Now that November has arrived and the awards season inches ever closer despite the lingering SAG-AFTRA Hollywood strike, the need for entertainment options grows even greater as the holidays approach. A24 Films offers its prestige picture, Priscilla, which is sure to generate interest among pop-culture fans and cinema aficionados, alike.
Headlined by Cailee Spaeny and Jacob Elordi, this film focuses on the real-life life experiences of the young woman who would eventually become the King of Rock and Roll’s wife, and the roller coaster ride that will bring. Beginning with a chance encounter that catches the eye of the musician on a U.S. Army base in Germany, the life of Priscilla Beaulieu (played by Spaeny) dramatically changes from fangirl to lover.
Sofia Coppola’s film portrays the character’s ages of 15 to 27 years old and Spaeny brings plenty of emotion to the role, but I have to admit, this particular Priscilla always looks like a little girl when compared to E.P. as the age difference is great between the two (and so is the height differential here). The aging process is minimal throughout, so I could never quite dodge that suspension of disbelief.
In terms of the man, the myth and the legend, well, he’s definitely got a darkness that translates onto the screen. He smokes, he pops a lot of prescription drugs, he cheats on his wife and has violent outbursts (saying it comes from his mother’s side of the family). Overall, he’s rotten husband material, but very good to Priscilla during their extended courting period. While it’s not really fair to compare Elordi to Austin Butler’s award-winning performance, this characterization doesn’t have the drawl down perfectly (Butler nailed it, BTW), but he still mumbles and is hard to understand at times, very much like Elvis, himself.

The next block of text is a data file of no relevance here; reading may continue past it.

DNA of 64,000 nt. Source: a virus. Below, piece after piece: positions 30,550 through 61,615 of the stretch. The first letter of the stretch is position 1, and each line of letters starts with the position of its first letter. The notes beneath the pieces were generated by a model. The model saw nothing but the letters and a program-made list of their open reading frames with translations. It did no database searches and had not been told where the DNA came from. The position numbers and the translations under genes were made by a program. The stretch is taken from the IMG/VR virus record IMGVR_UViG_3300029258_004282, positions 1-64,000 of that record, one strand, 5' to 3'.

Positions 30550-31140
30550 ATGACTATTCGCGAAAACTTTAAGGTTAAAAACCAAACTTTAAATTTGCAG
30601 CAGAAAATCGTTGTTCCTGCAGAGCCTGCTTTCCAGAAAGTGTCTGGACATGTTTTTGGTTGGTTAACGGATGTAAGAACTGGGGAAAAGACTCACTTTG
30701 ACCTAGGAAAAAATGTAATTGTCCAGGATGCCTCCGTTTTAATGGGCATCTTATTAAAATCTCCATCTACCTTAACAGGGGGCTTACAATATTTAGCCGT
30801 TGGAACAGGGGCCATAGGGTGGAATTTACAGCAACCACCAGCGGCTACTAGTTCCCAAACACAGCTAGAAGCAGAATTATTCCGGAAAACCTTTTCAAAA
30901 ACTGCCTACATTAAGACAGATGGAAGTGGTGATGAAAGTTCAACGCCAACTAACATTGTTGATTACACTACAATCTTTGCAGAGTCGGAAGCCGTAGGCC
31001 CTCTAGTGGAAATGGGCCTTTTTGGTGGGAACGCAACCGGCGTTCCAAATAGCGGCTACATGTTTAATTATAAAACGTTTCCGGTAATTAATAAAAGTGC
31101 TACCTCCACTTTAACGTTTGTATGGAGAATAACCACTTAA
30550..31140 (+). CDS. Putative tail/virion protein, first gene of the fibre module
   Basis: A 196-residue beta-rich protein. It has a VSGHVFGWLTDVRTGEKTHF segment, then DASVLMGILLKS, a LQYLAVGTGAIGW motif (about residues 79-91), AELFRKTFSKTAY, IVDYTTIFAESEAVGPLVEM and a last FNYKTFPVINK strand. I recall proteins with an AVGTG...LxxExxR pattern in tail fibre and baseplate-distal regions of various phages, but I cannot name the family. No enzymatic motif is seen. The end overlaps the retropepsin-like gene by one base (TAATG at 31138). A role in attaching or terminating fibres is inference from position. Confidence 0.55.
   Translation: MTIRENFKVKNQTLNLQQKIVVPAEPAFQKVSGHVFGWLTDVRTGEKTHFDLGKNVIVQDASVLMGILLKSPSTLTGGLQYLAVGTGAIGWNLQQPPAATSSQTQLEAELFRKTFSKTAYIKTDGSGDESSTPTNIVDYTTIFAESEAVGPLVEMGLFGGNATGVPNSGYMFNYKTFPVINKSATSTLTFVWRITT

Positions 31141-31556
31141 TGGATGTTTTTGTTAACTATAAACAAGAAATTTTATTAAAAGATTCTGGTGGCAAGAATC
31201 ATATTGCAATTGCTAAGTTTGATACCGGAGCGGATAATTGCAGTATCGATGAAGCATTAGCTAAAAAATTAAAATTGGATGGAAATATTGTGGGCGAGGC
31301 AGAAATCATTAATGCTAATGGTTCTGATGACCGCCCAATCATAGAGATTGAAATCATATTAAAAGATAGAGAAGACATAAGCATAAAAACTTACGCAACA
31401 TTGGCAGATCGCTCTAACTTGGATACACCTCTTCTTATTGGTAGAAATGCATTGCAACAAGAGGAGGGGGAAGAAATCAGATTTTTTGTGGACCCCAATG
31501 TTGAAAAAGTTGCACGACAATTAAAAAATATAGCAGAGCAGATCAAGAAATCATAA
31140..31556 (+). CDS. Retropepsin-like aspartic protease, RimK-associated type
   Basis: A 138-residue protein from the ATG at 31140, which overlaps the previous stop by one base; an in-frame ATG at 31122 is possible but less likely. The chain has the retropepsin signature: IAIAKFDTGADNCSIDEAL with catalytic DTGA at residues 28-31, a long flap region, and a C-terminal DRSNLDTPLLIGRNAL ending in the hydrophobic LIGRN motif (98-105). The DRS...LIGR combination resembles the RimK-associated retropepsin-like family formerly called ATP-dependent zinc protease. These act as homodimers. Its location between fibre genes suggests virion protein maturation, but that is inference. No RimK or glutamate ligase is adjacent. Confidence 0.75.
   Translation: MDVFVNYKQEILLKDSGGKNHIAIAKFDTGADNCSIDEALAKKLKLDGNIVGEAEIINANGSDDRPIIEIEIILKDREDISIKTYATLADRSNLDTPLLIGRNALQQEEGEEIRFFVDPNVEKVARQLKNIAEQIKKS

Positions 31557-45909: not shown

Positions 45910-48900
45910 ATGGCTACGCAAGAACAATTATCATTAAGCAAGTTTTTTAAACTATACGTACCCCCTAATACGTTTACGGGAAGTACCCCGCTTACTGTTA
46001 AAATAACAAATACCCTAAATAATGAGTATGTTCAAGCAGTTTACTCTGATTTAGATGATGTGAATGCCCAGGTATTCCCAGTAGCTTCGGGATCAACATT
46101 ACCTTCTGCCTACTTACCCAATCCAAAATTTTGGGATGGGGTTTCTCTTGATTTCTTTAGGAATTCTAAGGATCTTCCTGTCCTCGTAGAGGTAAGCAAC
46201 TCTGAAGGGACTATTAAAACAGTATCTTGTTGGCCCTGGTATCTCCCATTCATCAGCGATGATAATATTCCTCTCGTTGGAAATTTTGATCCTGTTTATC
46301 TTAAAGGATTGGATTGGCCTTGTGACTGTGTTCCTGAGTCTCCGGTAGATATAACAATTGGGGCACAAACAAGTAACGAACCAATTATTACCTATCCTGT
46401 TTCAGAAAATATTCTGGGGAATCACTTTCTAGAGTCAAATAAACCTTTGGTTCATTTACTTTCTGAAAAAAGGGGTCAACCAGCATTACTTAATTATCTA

As for the overall storyline, this one feels a lot different than Baz Luhrmann’s Elvis. The timeline doesn’t match up exactly with last year’s award-winning film, but it does paint the picture of a complicated relationship. And while it’s hard to differentiate between truth and fiction when dealing with big-screen adaptations, this one is enjoyable, but by the time she finally stands up for herself in the relationship, the film abruptly ends. I’m not so sure that was the climax we wanted, as the audience, or needed, but that’s where Coppola takes it.
In terms of the film’s acting, I truly didn’t recognize any of the young actors involved — which isn’t a bad thing — and that’s probably due to not being a targeted TikTok demographic. The kids will probably swoon over the leads and the pop-culture fans of Elvis from back in the day may be interested in the story, while movie nerds like me recognize the biggest talent of the film is actually behind the camera. That’s three totally different demographics that will make or break this release. Good thing its budget was only $20 million.
As a very big fan of A24 Films and a Southerner who grew up in Tennessee having visited Graceland decades ago, I enjoyed this locally painted portrait of love and loneliness. And what Tennessee-based film would feel complete without a closing tune by Dolly Parton, one of the state’s greatest treasures?
I hope that Priscilla can build an audience from this weekend’s box office, eventually turning that into a meaningful awards campaign.